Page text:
A recent KLAS report examines behavioral health EHR performance, based on interviews with 149 unique organizations to get their perspective on the performance of these solutions. According to the organizations interviewed, the settings in which behavioral health EHRs are used are primarily outpatient/private practice (78 percent); intensive outpatient/residential day program (64 percent); inpatient residential treatment center (42 percent) and acute psychiatric services (22 percent).

The report, KLAS’ first on behavioral health EHRs, is intended to give executives at behavioral health organizations a high-level overview of the market and to shine a spotlight on where vendors can improve. Specifically, the report dives into the behavioral health vendors used most frequently (in both inpatient and outpatient settings) and their performance in product quality, development, and service and support.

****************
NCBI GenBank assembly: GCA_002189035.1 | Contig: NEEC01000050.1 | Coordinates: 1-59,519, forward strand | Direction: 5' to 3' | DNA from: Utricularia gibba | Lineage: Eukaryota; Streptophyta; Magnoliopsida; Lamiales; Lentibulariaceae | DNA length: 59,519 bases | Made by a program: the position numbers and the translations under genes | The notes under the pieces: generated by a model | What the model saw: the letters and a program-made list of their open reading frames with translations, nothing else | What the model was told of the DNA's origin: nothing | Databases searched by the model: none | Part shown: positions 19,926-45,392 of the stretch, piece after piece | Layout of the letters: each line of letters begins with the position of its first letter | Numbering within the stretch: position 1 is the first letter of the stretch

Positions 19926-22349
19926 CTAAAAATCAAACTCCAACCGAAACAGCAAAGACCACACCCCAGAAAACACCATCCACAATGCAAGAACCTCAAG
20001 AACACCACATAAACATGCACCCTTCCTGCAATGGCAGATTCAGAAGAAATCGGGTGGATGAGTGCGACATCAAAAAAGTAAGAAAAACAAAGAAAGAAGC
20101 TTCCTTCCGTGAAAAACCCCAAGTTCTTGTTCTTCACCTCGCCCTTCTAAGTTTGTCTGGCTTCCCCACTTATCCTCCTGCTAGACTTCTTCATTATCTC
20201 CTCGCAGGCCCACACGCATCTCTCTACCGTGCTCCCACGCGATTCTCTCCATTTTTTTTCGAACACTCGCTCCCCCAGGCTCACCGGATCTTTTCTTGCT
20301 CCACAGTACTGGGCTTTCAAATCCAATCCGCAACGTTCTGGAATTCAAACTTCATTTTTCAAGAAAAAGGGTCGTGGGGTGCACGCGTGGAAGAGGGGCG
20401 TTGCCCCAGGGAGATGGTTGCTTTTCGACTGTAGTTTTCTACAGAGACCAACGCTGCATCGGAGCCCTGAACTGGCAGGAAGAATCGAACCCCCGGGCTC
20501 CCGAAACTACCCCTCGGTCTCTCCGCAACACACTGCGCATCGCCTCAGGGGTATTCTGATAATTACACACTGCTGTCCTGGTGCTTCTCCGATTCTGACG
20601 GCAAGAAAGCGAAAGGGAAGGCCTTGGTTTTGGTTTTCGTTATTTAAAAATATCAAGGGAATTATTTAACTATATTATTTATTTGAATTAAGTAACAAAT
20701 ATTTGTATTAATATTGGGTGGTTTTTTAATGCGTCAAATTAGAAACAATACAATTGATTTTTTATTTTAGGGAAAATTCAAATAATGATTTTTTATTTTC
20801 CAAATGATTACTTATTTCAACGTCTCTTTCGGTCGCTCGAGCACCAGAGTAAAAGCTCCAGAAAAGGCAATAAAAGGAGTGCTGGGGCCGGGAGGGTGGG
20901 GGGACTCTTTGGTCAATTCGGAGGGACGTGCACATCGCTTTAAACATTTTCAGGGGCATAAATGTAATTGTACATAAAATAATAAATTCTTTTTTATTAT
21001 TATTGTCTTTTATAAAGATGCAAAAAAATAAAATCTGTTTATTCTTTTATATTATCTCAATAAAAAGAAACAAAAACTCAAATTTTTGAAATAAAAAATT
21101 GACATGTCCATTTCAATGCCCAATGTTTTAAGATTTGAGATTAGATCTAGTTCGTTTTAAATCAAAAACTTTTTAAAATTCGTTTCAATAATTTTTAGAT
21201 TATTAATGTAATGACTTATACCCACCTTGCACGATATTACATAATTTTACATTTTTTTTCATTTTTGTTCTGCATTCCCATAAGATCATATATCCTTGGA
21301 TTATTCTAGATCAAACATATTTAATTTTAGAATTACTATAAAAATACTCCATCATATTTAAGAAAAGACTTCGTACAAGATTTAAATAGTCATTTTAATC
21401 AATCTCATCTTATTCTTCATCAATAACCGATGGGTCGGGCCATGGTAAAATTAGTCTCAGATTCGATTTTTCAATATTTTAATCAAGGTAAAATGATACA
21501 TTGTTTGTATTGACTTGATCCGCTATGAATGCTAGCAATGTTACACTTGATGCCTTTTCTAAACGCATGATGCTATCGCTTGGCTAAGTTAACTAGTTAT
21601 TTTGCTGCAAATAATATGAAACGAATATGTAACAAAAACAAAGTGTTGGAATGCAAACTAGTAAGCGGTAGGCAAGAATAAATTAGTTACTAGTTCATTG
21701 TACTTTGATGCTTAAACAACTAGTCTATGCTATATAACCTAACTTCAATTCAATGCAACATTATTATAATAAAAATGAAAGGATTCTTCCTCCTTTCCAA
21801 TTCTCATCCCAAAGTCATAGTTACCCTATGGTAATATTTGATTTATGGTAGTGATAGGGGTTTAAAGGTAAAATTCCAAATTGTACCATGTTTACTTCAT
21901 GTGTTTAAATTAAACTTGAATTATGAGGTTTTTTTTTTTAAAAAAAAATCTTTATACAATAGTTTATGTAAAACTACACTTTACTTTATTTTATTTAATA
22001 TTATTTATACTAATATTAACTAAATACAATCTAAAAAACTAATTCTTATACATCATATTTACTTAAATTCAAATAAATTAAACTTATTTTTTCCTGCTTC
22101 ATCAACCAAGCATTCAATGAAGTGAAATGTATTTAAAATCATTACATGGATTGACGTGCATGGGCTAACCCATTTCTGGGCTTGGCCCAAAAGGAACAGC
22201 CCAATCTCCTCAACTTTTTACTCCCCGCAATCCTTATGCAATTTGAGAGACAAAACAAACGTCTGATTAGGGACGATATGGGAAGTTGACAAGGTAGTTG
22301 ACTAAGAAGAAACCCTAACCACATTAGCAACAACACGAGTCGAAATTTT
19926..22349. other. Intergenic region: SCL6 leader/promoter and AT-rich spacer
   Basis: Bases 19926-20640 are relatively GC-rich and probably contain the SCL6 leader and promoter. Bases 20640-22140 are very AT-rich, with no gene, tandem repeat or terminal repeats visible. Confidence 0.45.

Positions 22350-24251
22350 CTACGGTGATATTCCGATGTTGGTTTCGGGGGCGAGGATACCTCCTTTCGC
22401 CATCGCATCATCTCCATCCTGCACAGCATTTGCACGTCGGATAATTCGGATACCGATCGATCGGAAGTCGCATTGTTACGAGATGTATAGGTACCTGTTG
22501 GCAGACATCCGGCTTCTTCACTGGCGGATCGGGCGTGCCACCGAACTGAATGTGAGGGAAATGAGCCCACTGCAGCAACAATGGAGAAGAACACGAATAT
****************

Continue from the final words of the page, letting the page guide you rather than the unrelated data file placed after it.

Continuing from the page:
Organizations who offer behavioral health services need robust IT solutions that can support their efforts, however, on average, the overall performance of behavioral health vendors is very low. According to KLAS, the average overall score for behavioral health vendors is 70.8 (out of 100), putting behavior al health in the second percentile of all software market segments that KLAS measures (about 100 total).